Even if more students choose what’s suited for them, the unfortunate truth is that they might not be appreciated for it. Consider the controversy during the “circuit breaker” period in 2020, when a local survey listed being an artist as the topmost non-essential job .

The criticism was swift. Comedian Rishi Budhrani challenged the nation to delete Netflix and Spotify, while artistes like Hossan Leong and Nikki Muller tagged themselves as “proudly non-essential” in tongue-in-cheek social media posts.

The survey finding highlights the presence of a social hierarchy that ranks occupations and individuals by their usefulness. This mindset may be the reason behind – rather than the consequence of – the fact that it’s difficult to carve out a career as an artist in Singapore.

In a 2019 local news report, “naive”, “impulsive”, “passionate” were some of the words bandied about by several young artists to explain why they decided to pursue the arts as a career. They acknowledged the harsh realities of pursuing a career in the arts, like having to work nights and take on odd jobs for a steady stream of income.

Yet they acknowledged that it is getting easier to become a full-time artist in Singapore with better government support, more opportunities enabled by technology and a more welcoming public attitude.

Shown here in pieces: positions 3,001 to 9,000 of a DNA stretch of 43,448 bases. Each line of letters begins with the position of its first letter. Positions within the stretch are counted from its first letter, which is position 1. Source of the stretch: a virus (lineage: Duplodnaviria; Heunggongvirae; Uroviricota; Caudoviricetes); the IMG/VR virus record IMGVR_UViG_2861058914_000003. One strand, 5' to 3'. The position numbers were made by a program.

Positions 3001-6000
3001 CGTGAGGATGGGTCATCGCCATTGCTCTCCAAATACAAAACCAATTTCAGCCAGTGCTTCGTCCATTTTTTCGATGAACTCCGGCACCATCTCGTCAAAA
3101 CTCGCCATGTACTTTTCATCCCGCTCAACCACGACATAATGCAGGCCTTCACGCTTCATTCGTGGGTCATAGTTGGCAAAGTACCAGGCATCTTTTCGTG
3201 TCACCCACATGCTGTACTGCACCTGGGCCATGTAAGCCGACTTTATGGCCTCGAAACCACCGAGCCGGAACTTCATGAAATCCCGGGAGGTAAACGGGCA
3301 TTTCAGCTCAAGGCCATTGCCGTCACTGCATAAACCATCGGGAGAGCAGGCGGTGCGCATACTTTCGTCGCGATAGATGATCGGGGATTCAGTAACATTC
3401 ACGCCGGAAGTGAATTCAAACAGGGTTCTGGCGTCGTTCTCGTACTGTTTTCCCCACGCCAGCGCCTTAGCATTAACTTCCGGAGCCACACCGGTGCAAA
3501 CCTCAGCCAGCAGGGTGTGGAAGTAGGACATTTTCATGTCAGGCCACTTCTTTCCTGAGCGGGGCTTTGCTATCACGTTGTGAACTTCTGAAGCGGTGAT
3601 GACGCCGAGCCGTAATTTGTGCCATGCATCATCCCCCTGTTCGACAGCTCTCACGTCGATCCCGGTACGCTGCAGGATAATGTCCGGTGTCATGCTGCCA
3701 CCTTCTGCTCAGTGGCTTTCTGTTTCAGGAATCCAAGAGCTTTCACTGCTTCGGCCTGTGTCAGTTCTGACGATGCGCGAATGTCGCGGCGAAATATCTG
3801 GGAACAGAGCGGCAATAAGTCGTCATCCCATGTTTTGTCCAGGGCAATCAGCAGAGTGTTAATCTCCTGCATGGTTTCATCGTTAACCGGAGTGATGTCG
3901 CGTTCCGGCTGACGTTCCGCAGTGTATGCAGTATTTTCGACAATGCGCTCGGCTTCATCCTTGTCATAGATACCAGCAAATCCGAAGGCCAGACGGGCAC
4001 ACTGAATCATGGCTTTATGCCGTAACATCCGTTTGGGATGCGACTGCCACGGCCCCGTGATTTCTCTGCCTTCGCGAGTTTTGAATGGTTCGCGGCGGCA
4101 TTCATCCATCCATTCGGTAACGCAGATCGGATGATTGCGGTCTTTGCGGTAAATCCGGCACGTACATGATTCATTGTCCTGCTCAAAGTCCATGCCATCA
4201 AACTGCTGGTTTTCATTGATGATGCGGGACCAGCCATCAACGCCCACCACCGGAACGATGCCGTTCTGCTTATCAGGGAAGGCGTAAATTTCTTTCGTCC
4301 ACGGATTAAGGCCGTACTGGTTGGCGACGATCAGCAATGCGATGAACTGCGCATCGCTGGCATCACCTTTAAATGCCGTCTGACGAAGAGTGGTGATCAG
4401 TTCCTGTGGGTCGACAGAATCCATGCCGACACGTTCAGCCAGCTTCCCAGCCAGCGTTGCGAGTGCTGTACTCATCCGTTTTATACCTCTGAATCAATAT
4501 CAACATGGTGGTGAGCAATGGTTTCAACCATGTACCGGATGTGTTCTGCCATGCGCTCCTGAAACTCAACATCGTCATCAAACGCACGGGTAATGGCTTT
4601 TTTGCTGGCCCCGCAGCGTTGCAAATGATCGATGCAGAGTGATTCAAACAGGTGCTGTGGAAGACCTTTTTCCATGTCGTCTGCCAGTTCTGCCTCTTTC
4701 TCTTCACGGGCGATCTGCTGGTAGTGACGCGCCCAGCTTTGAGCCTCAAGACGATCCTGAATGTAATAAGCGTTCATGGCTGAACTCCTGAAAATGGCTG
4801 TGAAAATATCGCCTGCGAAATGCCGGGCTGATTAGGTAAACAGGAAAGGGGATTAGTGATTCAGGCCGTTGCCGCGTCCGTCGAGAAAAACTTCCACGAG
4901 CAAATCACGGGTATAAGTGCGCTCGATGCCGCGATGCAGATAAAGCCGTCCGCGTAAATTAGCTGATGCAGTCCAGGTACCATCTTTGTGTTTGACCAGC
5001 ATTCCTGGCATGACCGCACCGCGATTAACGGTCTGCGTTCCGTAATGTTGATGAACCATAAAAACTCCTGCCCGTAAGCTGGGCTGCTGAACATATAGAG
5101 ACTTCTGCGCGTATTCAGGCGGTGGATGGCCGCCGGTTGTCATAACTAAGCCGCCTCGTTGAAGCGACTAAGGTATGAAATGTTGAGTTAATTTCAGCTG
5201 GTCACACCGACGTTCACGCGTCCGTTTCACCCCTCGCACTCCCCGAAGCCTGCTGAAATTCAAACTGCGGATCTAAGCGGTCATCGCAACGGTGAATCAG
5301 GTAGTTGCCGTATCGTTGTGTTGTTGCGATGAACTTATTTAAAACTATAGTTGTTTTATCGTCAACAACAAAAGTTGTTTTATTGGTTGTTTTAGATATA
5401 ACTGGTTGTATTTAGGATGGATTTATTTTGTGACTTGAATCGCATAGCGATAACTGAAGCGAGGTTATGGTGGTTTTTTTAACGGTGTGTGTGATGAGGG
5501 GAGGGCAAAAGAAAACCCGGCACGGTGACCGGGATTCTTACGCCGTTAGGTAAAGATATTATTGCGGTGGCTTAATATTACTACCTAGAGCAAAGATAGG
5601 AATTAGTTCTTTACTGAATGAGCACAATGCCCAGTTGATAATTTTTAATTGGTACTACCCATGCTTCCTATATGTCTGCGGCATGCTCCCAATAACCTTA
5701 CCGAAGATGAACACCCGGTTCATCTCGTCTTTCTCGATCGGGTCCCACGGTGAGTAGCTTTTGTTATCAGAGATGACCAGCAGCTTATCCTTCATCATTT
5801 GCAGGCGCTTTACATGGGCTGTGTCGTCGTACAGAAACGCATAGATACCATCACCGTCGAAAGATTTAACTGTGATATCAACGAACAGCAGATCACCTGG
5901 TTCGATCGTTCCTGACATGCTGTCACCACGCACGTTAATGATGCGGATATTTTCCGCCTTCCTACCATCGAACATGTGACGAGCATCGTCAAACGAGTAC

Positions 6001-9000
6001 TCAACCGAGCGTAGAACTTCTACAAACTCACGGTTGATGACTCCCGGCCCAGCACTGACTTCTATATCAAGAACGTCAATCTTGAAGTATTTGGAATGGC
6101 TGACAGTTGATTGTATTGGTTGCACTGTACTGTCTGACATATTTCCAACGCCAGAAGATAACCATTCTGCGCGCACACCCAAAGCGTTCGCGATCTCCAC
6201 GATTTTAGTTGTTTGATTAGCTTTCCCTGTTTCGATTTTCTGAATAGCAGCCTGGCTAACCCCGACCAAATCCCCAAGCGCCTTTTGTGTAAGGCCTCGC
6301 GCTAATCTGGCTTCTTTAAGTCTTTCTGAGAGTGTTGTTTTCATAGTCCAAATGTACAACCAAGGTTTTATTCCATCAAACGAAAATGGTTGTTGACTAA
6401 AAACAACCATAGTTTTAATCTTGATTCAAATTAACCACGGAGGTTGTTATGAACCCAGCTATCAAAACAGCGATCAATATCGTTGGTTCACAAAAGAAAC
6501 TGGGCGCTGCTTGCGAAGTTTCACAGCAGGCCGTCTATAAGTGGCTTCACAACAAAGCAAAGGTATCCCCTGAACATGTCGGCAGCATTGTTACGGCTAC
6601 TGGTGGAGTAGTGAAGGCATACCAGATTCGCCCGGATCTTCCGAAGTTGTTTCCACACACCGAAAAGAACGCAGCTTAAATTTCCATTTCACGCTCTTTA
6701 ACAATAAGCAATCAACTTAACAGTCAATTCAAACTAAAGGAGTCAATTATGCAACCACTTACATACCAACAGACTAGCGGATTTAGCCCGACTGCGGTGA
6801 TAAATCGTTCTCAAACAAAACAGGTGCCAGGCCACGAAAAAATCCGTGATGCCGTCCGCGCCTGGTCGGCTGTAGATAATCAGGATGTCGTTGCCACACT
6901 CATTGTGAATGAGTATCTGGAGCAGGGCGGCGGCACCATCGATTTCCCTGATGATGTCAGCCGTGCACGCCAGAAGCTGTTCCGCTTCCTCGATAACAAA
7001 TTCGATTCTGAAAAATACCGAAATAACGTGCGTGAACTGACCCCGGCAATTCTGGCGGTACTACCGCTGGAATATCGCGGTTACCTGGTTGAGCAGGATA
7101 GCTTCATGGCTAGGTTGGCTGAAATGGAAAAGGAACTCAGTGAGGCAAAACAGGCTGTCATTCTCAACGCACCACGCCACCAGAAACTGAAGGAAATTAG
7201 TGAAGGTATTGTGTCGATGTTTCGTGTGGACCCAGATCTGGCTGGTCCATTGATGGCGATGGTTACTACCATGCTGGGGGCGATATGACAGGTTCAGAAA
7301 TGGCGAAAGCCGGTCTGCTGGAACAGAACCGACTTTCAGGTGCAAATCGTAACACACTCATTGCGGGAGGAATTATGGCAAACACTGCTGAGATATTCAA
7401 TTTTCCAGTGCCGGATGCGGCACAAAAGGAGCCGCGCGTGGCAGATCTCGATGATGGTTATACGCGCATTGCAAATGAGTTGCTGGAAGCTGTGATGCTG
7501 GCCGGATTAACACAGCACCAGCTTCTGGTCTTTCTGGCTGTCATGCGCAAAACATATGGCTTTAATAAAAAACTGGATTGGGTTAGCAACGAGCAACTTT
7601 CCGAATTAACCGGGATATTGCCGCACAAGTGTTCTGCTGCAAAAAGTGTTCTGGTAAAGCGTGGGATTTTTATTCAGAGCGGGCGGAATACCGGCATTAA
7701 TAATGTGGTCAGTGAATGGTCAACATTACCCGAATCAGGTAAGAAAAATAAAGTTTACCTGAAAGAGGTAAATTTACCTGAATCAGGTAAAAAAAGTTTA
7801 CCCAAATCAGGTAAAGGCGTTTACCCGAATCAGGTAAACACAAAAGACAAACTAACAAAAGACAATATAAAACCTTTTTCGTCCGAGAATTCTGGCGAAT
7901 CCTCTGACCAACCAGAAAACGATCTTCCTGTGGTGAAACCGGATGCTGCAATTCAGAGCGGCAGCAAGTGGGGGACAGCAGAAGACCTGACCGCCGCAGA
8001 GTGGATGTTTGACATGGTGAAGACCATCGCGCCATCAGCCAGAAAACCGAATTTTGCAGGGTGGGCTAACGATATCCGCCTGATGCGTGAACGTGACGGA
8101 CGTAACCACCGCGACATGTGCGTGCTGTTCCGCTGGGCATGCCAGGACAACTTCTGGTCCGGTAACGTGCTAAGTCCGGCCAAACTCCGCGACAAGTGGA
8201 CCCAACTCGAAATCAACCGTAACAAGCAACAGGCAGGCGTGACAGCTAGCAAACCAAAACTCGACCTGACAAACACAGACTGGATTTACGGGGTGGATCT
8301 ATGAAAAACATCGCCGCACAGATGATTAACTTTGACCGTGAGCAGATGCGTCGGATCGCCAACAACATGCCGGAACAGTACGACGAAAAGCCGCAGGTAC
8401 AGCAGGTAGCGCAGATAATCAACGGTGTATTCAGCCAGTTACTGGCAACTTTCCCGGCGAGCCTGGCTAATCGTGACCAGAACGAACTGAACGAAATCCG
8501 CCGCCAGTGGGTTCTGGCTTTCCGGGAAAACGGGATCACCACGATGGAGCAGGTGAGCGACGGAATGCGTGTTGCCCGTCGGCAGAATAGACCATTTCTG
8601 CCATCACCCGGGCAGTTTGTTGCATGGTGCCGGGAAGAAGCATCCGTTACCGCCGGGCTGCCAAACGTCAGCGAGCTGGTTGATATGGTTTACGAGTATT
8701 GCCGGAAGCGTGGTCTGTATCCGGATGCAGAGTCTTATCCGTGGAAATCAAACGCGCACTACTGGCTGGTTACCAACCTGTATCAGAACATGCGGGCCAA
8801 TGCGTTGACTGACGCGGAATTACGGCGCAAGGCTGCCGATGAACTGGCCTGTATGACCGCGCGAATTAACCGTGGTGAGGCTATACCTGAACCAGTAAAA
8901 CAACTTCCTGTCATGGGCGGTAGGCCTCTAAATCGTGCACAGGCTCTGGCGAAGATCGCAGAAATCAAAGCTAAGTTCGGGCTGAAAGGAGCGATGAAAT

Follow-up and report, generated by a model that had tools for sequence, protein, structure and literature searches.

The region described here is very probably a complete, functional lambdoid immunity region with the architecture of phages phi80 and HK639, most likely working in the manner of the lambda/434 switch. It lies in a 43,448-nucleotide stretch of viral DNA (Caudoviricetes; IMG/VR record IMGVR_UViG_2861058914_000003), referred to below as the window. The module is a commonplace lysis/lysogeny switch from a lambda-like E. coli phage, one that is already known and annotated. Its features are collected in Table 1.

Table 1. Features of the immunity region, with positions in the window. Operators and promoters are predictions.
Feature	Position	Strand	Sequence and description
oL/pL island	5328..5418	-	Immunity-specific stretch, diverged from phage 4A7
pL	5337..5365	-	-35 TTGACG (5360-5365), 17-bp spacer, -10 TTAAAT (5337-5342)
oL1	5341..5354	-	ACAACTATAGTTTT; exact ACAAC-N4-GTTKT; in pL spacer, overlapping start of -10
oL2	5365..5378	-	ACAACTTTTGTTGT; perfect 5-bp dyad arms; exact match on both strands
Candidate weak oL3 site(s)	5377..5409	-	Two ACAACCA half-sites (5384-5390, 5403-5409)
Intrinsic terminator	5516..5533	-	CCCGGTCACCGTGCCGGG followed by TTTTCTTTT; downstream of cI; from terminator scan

How else can we move past narrow-minded conceptions of success?

The solution I am proposing is not scrapping national exams because they help students assess their knowledge and determine individual strengths. Instead, educators, employers and even students themselves need to continue widening their definition of merit to cultivate diverse skillsets.

One way to do this is through better arts education in Singapore. Choral director Mr Nelson Kwei, premier choral director observed the current lack of emphasis on arts education in the local education system as people do not view the arts the same way they do maths and science.

He cited the example of music classes – rather than being part of core curriculum, they are often relegated as remedial classes, and many schools do not have proper music teachers too.

Treating arts subjects as an afterthought limits the potential of individuals with natural talent in the field. The education system needs to make space for students to explore their interests without ranking them.

Students too need to value their unique strengths and ways of learning. Parents should nurture their children’s strengths, not force-fit them into the mould of a Singapore student who excels in academics via rote learning.

Meritocracy is a well-oiled system in Singapore, so these things are easier said than done. But it is up to us to broaden our pathways to success, and to forge them when none exist.

I desire to see a Singapore that enables youths to pursue their passions without doubting themselves as I did. Only then can Singapore truly value and celebrate all individuals for who they are.

Friedel Wong is a third-year sociology student at the National University of Singapore

Source: CNA/el